Hearing aids for otitis media with effusion: Do children use them?

This study investigated what proportion of children referred for hearing aids actually receive them, and whether children use them | International Journal of Pediatric Otorhinolaryngology


Image source: Kristof Borkowski – Flickr // CC BY-NC 2.0

ENT surgeons may refer children with otitis media with effusion (OME) to audiology for consideration of hearing aids. They are an option for the treatment of OME, but are only effective if the child actually wears them.

During the study period, there were 202 referrals of children to audiology, of which 70 (34.7%) were for consideration of hearing aids for OME. Of these 70 referred children, 37 (52.9%) were not fitted with hearing aids due to normal audiometry (23), asymptomatic mild hearing loss (7), nonattendance (3), clinical decision to just monitor hearing (1), parental decline (2), and unrecorded reason (1). A total of 38 children (including direct access patients) were fitted with hearing aids for OME. Majority (36/38) of children issued aids used them, 16 all day, 7 only at school, 1 only at home, 3 only when needed, and 9 used them for an unspecified duration; 1 child’s use of hearing aids was unrecorded, and 1 child refused to use it. 21 were fitted bilaterally and 17 unilaterally. 37 were behind the ear aids and 1 a BAHA softband.

A third of referrals to paediatric audiology by ENT are for consideration of hearing aids for OME. Only about half of children referred to audiology for hearing aids for OME actually receive them, as by the time they see audiology the hearing loss has frequently resolved or is asymptomatic so that aiding is unwarranted. Once fitted, they appear to be well accepted. Hearing aids have fair utilization in children fitted with them for OME.

Full reference: Gan, R.W.C. et al. (2017) Hearing aids for otitis media with effusion: Do children use them? International Journal of Pediatric Otorhinolaryngology. Vol. 99 (August) pp. 117–119.

Tinnitus Management

Whereas hearing aids have long been considered effective for providing relief from tinnitus, controlled clinical studies evaluating this premise have been very limited |  Journal of the American Academy of Audiology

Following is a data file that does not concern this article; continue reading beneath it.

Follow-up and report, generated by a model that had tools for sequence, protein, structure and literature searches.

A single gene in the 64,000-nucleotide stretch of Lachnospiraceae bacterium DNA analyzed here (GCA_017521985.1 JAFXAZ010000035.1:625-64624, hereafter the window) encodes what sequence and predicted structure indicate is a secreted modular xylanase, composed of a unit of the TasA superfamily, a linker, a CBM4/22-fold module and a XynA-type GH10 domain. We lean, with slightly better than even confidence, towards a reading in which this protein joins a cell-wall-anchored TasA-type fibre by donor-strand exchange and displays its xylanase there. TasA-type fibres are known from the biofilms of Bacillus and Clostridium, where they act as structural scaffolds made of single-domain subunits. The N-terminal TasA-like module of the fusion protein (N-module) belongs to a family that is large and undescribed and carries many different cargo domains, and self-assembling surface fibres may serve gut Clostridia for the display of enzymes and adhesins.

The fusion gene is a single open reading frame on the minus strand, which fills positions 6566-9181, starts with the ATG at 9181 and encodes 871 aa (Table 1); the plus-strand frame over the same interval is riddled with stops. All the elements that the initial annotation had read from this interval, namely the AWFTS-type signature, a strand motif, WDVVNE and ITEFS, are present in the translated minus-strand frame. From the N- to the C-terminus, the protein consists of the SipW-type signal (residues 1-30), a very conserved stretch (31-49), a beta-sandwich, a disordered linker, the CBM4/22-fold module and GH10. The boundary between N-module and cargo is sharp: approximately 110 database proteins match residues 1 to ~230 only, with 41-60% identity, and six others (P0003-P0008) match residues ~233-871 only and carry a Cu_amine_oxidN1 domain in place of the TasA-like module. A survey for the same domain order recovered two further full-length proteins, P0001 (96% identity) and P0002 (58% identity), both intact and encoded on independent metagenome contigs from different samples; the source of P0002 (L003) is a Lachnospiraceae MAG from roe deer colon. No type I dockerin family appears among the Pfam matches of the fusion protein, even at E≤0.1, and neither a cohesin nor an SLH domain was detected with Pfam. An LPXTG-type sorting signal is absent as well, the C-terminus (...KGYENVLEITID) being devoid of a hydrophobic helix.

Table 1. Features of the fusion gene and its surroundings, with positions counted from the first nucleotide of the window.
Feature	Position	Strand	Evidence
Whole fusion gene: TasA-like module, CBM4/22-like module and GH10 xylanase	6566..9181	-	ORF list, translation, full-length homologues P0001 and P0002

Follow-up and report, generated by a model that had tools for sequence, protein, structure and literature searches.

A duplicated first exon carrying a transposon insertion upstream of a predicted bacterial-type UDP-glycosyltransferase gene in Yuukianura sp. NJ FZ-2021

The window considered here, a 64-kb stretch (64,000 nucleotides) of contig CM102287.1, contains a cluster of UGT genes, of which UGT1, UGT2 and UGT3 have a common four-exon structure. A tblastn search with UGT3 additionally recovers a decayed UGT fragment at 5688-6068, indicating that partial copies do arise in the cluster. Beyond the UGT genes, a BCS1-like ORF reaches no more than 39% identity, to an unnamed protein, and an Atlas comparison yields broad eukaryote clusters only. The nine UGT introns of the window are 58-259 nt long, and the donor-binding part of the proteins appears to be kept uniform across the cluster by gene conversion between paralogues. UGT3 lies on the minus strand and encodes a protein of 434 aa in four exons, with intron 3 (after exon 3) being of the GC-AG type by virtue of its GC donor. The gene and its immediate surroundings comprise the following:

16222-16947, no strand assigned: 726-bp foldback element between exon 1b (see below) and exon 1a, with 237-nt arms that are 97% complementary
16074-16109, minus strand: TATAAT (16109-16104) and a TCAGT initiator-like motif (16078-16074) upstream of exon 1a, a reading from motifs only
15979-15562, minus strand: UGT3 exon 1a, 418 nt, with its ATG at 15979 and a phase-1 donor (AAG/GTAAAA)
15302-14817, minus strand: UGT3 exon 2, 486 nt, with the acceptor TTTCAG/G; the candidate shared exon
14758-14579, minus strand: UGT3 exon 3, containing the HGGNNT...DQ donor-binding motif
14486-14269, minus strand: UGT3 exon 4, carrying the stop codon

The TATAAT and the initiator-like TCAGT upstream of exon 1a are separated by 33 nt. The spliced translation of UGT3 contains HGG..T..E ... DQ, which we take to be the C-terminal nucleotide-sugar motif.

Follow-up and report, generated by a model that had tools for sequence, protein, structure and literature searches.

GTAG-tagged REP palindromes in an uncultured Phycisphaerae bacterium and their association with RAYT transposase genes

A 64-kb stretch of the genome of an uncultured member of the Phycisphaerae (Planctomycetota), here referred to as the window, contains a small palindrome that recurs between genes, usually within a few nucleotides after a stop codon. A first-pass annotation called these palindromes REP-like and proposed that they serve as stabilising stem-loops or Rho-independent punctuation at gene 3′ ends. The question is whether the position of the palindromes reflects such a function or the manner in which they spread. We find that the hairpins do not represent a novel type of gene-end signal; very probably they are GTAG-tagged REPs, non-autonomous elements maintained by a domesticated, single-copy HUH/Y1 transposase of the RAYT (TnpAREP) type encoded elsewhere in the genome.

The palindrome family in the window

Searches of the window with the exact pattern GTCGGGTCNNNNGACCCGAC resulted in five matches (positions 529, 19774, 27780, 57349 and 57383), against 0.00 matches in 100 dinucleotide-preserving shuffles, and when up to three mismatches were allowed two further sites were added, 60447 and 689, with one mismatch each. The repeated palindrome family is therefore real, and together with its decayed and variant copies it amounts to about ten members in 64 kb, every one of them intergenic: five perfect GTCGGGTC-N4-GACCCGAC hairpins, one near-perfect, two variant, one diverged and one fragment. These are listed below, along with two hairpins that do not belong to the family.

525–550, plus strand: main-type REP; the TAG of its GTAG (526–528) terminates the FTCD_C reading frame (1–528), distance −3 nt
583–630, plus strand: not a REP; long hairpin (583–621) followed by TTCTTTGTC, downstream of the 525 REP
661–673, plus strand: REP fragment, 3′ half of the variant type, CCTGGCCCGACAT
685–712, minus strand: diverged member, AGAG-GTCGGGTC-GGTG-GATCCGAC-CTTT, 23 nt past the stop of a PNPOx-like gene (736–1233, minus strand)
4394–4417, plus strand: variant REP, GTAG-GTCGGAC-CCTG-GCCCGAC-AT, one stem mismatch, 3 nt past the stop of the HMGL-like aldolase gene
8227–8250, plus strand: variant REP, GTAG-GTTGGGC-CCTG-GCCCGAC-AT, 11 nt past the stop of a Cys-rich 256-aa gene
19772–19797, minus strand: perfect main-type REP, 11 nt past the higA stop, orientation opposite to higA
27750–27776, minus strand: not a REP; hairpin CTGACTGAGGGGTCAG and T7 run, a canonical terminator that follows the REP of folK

Image source: jen collins – Flickr // CC BY-NC-ND 2.0

Purpose: The purpose of this study was to systematically determine the relative efficacy of conventional receiver-in-the-canal hearing aids (HA), the same hearing aids with a sound generator (HA+SG), and extended-wear, deep fit hearing aids (EWHA), to provide relief from tinnitus through a randomized controlled trial. Each of these ear-level devices was a product of Phonak, LLC.

Results: There were 18 participants in each of the HA and EWHA groups and 19 in the HA+SG group. Gender, age, and baseline TFI severity were balanced across treatment groups. Nearly all participants had a reduction in tinnitus symptoms during the study. The average TFI change (improvement) from baseline was 21 points in the HA group, 31 points in the EWHA group, and 33 points in the HA+SG group. A “clinically significant” improvement in reaction to tinnitus (at least 13-point reduction in TFI score) was seen by 67% of HA, 82% of EWHA, and 79% of HA+SG participants. There were no statistically significant differences in the extent to which the devices reduced TFI scores. Likewise, the hearing-specific questionnaires and QuickSIN showed improvements following use of the hearing aids but these improvements did not differ across device groups.